Agriculture Secretary George Greig today urged Pennsylvania farmers to follow state laws when spreading manure this spring to reduce the risk of groundwater contamination.
"Pennsylvania farmers are conservationists who are ensuring the continued health of our soil, water and air," said Greig. "When preparing fields for planting this spring, remember to follow Pennsylvania's manure and nutrient management laws and best management practices to safeguard our farms and communities."
All farms that generate or use manure in Pennsylvania are required by state law to have a Chapter 91 Manure Management Plan or Act 38 Nutrient Management Plan. Farmers can reference these plans to determine spreading or manure application restrictions on their farm.
Greig offered these recommendations:
- Follow your farm's manure or nutrient management plan;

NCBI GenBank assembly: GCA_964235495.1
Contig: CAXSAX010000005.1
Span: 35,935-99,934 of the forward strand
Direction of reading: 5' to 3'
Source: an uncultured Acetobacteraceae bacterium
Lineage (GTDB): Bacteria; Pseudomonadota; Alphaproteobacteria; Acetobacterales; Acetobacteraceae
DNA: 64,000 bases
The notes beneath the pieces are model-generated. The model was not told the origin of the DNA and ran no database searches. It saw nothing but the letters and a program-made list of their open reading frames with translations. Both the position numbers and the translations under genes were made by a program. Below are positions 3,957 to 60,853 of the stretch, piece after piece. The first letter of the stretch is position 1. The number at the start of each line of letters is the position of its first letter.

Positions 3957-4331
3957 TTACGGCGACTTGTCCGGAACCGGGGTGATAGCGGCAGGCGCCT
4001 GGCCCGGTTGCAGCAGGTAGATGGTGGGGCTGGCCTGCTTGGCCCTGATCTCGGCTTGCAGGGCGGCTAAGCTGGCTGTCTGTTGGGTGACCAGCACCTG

- Ensure mechanical spreaders are in proper working order to avoid spills;
- Avoid spreading manure in early spring when the ground might still be frozen;
- Follow the required mechanically applied manure setbacks for water bodies (streams, lakes and ponds), wells, sinkholes, springs and public drinking water sources; and
- Do not spread manure in areas where there is standing runoff water on or near the surface of the soil.
Farmers without manure management or nutrient management plans, or who have questions about setbacks for water bodies, should contact their local county conservation district office.
For more information, visit www.agriculture.state.pa.us and search "conservation."